The only downside would be that new zoning would not allow Mr. Herrick to bring back a business related to automotive sales, Mr. Frankland said.

Mr. Herrick said he has no use for the site.

While Liberty Ford would have the right to protest the rezoning, Mr. Herrick said he is not sure of his next step. He will wait to see the planning commission’s next move.

“I don’t want to see it vacant any more than the city does,” Mr. Herrick said, adding that his team went through a lot of trouble to put together a proposal that made economic sense and he does not appreciate his time wasted.

“We have done this before,” Mr. Herrick said of transforming a car dealership location into another successful development.

Mr. Frankland explained that the new zoning district would cover the 6 acres owned by Liberty Ford as well as land from the Solon and Aurora roads intersection to Melbury Avenue. Some of the businesses now in that area include the Burgers 2 Beer, First Merit Bank, Solon Motel and Solon Creative Playrooms, among others.

Commission member William M. Mazur asked why Jim Alesci’s Place was not included in this. “They’re not likely to redevelop,” Mr. Frankland said.

Mr. Mazur said they should be included if they ever decided to in the future or if a developer takes interest in their building and Alesci’s was agreeable to it.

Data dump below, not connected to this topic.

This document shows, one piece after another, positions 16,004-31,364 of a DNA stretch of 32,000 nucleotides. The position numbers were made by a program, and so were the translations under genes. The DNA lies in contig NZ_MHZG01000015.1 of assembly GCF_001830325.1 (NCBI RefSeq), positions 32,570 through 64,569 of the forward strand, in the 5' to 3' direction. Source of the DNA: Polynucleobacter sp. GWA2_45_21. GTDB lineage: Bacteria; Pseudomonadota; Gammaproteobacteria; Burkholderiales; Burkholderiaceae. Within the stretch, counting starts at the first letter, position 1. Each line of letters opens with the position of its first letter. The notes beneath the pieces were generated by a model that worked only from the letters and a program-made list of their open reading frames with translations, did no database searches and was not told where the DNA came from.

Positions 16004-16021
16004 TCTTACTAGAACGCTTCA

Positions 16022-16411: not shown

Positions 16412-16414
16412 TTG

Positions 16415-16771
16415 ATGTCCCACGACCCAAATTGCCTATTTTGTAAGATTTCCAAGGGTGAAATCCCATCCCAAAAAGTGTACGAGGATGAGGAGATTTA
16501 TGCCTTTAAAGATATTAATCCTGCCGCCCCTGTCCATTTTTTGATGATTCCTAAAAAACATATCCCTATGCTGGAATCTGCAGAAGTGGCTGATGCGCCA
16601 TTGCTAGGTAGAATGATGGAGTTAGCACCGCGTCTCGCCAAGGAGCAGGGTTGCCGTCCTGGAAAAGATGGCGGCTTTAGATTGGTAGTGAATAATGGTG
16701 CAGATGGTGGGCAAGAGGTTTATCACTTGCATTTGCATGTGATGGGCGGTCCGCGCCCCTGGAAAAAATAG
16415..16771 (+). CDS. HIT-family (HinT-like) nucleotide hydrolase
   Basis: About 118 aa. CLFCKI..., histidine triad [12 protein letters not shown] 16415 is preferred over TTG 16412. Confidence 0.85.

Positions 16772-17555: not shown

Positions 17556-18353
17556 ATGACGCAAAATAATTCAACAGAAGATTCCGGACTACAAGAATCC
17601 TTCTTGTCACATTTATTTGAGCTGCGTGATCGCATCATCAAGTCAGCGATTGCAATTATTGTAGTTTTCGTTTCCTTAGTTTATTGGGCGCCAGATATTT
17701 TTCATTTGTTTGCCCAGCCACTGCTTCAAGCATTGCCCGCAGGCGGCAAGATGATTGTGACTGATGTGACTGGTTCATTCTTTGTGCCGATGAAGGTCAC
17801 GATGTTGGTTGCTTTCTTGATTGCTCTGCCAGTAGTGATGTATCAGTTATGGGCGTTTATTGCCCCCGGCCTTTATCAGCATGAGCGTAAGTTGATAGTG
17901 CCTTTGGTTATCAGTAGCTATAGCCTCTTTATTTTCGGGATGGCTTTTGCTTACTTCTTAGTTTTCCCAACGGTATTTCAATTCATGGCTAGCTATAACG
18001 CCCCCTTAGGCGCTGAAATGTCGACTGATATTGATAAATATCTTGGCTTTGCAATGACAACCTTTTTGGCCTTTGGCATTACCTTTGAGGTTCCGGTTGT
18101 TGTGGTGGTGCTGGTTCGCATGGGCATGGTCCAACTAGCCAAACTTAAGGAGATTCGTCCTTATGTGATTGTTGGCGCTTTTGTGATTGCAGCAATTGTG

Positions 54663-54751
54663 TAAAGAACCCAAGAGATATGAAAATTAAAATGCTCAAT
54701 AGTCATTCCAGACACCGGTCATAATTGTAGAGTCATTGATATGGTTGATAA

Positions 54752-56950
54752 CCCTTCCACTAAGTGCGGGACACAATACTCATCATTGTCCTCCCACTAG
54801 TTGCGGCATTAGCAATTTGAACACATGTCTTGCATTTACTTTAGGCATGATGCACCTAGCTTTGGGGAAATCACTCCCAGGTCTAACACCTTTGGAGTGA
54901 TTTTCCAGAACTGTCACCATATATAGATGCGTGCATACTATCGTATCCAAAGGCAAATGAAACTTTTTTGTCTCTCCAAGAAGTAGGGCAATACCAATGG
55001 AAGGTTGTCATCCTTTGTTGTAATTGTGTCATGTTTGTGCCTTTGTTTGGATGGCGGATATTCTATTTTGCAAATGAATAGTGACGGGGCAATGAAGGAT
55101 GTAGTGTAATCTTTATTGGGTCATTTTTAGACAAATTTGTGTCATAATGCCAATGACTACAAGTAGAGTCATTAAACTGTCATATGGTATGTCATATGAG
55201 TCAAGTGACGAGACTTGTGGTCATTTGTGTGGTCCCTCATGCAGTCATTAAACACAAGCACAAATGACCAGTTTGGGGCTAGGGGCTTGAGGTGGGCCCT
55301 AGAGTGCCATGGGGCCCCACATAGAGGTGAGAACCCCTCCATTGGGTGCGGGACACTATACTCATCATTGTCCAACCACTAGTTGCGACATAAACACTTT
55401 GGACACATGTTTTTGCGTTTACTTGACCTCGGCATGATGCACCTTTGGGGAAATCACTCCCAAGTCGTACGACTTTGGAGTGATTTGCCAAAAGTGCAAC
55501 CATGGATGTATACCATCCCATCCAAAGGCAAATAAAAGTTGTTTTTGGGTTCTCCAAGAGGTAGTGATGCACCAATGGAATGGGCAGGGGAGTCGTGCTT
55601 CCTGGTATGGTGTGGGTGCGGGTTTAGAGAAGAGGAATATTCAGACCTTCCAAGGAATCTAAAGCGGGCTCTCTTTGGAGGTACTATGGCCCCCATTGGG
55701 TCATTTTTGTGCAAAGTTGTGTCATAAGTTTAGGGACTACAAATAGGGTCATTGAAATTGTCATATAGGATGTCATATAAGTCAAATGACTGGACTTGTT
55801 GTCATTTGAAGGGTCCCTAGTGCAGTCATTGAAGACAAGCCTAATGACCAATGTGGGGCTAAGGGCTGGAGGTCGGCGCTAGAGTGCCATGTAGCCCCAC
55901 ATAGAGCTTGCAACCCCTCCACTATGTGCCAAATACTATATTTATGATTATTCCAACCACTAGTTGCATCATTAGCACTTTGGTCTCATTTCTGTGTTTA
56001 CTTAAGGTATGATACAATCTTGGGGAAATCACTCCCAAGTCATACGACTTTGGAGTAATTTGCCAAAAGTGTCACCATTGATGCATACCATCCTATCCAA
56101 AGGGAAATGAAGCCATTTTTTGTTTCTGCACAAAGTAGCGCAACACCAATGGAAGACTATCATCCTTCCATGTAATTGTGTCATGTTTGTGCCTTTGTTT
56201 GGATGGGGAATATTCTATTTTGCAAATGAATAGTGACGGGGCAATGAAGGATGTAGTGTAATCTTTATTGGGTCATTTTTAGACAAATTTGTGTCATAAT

Mayor Kraus said that Mid America Corp., which owns the Solon Square Plaza, is well aware of this plan and supports bringing more traffic to their plaza.

The proposal is to apply this new zoning by referendum then council and the planning commission would oversee any proposals for the planned unit development as they come in, Mr. Frankland said. This mixed-use zoning would give the city flexibility and the ability to support redevelopment, he added.

The public hearing will remain open at the commission’s next meeting at 7:30 p.m. on June 11.

For the last decade, Sue Reid has covered the government, business climate and residents of Solon. A Times reporter for 22 years, Ms. Reid has earned commendations from the Ohio Newspaper Association and Cleveland Press Association.